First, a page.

Training your dog is an important part of making her into part of your family. You don't want a "crazy" dog that's disobedient, mean to strangers and guests, or tears up your house's interior. When should you begin training your new dog?
As soon as possible. It doesn't matter if she's a newly walking puppy or a dog of several years in age that you got from a friend or the local animal shelter. The only thing to do before you begin training a new dog is to get him checked out by the local or your family veterinarian first, so that you're aware of any health complications that the dog might have.
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Once you begin training your new dog, how should you proceed to ensure proper training sans abuse (accidental, of course)?
*Plan out everything that you want to train your dog to do. This is important to understand: you are not training your dog not to do certain things. Yes, there are certain things that you don't want her to do, like crap on your carpet or rip up the pillows on your couch.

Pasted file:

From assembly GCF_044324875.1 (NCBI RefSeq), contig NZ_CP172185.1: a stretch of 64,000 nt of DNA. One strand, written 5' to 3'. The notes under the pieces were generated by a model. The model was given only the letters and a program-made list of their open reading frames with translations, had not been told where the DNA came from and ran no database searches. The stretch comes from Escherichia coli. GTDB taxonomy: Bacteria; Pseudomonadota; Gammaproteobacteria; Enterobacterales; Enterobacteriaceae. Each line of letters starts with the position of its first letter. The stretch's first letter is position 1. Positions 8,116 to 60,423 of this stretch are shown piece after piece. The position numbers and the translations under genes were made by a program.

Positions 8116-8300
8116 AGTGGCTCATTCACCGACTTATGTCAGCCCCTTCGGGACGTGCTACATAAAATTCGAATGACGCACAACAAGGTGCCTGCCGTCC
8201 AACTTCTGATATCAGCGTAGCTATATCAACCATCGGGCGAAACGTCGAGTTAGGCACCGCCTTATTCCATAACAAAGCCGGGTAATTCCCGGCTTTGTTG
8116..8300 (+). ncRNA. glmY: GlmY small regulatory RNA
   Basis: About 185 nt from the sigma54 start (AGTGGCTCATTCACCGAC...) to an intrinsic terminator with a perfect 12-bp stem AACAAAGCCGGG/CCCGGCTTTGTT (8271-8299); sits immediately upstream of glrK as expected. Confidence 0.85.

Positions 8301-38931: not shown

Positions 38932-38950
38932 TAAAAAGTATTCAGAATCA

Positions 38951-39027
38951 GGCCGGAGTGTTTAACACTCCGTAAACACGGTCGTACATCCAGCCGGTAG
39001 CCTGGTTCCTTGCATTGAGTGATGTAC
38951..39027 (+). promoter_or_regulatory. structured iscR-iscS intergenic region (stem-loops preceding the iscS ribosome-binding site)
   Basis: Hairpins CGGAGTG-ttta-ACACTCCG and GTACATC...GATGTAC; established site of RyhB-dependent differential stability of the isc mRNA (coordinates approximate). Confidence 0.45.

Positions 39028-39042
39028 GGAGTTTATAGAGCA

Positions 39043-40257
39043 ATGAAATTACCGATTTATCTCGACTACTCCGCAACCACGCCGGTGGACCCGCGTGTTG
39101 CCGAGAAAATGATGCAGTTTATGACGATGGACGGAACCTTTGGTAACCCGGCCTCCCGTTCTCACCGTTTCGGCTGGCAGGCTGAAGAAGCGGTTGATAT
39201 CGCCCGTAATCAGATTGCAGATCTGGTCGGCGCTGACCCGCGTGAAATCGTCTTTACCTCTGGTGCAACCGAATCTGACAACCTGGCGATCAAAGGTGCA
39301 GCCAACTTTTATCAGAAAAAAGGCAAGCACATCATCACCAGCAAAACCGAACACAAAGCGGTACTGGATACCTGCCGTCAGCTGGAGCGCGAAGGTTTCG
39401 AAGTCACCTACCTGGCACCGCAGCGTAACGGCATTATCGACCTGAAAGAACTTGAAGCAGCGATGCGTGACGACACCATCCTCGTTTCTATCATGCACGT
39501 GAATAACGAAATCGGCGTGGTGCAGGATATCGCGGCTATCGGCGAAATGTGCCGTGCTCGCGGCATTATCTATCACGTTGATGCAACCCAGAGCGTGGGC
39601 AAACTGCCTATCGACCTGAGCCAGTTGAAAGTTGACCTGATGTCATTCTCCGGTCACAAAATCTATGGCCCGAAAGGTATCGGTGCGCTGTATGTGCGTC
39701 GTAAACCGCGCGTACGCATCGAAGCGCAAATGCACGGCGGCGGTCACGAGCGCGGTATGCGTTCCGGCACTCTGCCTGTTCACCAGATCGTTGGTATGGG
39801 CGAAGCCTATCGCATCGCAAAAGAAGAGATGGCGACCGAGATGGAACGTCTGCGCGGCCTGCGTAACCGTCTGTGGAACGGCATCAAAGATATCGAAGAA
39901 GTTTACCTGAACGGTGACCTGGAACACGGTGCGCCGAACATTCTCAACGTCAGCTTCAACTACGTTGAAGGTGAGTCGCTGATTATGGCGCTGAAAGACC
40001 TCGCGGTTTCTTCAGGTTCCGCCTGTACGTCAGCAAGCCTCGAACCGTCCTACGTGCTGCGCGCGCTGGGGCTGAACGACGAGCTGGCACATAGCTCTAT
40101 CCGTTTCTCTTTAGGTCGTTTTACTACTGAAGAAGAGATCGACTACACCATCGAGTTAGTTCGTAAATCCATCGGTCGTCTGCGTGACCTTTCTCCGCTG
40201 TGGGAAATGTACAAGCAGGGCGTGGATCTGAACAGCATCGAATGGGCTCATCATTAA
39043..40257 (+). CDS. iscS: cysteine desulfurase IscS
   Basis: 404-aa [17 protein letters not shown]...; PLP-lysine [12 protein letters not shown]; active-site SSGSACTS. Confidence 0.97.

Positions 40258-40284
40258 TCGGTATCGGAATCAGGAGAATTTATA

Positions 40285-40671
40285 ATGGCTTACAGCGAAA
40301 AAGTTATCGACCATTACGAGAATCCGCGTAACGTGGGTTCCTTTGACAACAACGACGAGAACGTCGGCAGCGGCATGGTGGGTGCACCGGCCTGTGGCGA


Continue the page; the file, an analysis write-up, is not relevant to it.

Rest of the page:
But the way to train a dog is to teach her what you do want her to do in such a way so that she implicitly understands, in time, what unacceptable behaviors are. Write down what your training goals will be. Learn from books, DVDs, Internet articles, etc to understand how to approach dog training.
*Have realistic expectations. For instance, don't expect a puppy to never crap on the carpet again after one week of potty training and then flip out on him when he does.
That's not realistic. Potty training takes several weeks. Dogs are intelligent in their way, but they don't have the best memories, so they must have lots and lots of non-abusive, firm reinforcement. When you learn about how to approach dog training you'll learn what realistic expectations are for certain dog breeds and ages. If you still aren't sure, consult a local or Internet-listed dog trainer.